WHO are Britain's best friends? As fighting in the Gulf neared the end of its second week, the question was being asked at the highest reaches of government.
``In theory, they should be the Europeans,'' a senior minister said. ``Instead, once again we are finding that when push comes to shove, it is still the American connection that counts.''
Members of the European Community had been at best ``reluctant partners'' in the challenge to Iraqi President Saddam Hussein, and at worst ``next to useless,'' the senior minister says.
Britain's search for international perspectives has been going on for at least four decades - well before Dean Acheson, Harry Truman's secretary of state, declared that the country ``had lost an empire and failed to find a role.''
The senior minister quoted above is among those who see the way ahead requiring that Britain be firmly lashed to a united European movement. He would like to see the Twelve adopt a common foreign policy. But reality points in another direction.
Attempts by the EC to muster its own peace mission to see Saddam got nowhere. Apart from Britain - which has its own oil and could do without any from the Gulf - only France among the EC nations has contributed troops and planes to the Gulf fighting in significant numbers. The Belgian government even refused to sell the British Army shells for its tanks in Saudi Arabia.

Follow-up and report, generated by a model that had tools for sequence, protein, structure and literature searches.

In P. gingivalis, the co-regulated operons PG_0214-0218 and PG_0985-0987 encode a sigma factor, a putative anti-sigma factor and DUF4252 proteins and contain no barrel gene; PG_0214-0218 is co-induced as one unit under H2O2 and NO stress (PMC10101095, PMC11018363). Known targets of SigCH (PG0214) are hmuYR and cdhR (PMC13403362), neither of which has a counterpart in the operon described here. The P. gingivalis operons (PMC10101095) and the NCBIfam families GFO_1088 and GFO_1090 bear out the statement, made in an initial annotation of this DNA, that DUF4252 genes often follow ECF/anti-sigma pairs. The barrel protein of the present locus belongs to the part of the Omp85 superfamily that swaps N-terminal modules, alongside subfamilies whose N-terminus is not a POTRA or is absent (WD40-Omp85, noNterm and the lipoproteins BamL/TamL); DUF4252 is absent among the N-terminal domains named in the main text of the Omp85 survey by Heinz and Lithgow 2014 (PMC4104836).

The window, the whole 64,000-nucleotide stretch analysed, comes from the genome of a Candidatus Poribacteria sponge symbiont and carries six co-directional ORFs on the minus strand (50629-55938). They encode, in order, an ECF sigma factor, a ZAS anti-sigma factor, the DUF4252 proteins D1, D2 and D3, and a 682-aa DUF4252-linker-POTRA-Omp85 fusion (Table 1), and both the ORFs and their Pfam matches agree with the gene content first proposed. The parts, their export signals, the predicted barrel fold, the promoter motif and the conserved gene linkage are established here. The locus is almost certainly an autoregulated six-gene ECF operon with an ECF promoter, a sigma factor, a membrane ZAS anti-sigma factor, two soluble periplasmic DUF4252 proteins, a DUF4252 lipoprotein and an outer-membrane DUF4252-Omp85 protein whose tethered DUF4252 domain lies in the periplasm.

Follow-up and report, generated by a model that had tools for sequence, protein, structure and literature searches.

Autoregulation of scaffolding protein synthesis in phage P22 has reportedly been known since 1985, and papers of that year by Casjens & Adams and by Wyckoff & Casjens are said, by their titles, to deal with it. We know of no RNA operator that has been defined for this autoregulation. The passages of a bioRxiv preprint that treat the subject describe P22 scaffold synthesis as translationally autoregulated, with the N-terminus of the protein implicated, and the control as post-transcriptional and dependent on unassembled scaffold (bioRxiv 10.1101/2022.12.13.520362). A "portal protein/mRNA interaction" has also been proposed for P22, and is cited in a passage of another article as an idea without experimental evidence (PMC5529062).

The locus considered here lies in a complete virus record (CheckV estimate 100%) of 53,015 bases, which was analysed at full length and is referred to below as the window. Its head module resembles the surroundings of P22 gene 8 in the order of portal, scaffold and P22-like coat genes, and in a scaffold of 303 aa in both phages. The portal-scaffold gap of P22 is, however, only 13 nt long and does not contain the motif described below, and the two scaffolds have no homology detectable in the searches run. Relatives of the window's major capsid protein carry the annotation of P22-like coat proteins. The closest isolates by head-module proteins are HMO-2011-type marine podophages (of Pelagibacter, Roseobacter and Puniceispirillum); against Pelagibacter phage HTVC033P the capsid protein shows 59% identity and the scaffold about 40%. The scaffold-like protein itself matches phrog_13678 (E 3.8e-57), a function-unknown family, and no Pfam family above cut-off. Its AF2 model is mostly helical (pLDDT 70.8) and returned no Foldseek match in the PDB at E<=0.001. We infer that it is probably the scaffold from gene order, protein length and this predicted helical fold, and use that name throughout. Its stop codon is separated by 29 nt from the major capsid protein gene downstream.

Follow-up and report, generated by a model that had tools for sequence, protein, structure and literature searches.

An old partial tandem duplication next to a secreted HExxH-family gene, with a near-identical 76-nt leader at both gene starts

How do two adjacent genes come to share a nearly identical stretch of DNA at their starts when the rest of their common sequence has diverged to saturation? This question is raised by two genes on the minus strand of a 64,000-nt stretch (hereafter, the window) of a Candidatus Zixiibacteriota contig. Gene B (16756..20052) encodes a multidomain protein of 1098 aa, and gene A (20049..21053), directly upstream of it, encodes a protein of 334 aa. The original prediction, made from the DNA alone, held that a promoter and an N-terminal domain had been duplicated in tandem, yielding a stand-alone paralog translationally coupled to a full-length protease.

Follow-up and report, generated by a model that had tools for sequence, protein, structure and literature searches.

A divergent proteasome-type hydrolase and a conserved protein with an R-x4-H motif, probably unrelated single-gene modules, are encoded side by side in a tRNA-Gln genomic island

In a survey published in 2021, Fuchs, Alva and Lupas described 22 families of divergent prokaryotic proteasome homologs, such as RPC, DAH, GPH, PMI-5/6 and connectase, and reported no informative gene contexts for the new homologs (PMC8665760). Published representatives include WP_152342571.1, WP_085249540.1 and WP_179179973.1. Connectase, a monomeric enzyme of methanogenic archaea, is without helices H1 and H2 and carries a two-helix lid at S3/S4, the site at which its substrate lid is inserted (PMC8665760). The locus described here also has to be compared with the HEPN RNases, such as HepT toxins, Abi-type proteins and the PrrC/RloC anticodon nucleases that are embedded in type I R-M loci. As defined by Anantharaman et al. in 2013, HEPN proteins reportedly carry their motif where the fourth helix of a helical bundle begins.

Germany, which depends heavily on Gulf oil and is prevented by its Constitution from sending troops to the Gulf, by the weekend had contributed only $1 billion to the coalition's war chest - barely enough to pay for a few days' ammunition.
A study by the Center for Defense Studies at King's College, London, estimates that an eight-week war in the Gulf could cost Britain $10 billion - unless the Twelve respond favorably.
``What Europe has done so far is very, very feeble indeed,'' is the judgment of Alan Clark, Britain's minister for the armed forces and a distinguished war historian.
The immediate problem facing Prime Minister John Major, Mr. Clark believes, is to try to persuade the EC nations to do much, much more.
Longer-term, the dilemma for Britain is that while Europe ought to be its context for developing a world role for the 21st century, the United States continues to seem a friendlier, more instinctive partner. That is odd if one recalls the early days of the Bush administration.
Then Germany looked as though it was America's most important friend in Europe. With George Bush instead of Ronald Reagan to contend with, former Prime Minister Margaret Thatcher was widely thought to have her work cut out preserving the ``special relationship'' between London and Washington.
And yet her successor finds himself regarded in the Bush White House as one of America's firmest allies just when a united Germany appears self-absorbed and unwilling to pull its weight in a common struggle.
Disenchantment with the rest of Europe is running deep in Britain.
The Sunday Express, which speaks for much of ``middle England,'' said in its editorial last weekend: ``Never before have Europe's pretensions to political strength been so cruelly exposed. Never has Britain's contempt for the empty rhetoric of unity been so solidly vindicated.''
Thus the British quest for a world role continues, with Europe looking like a fair-weather friend, and America still beckoning as a natural partner.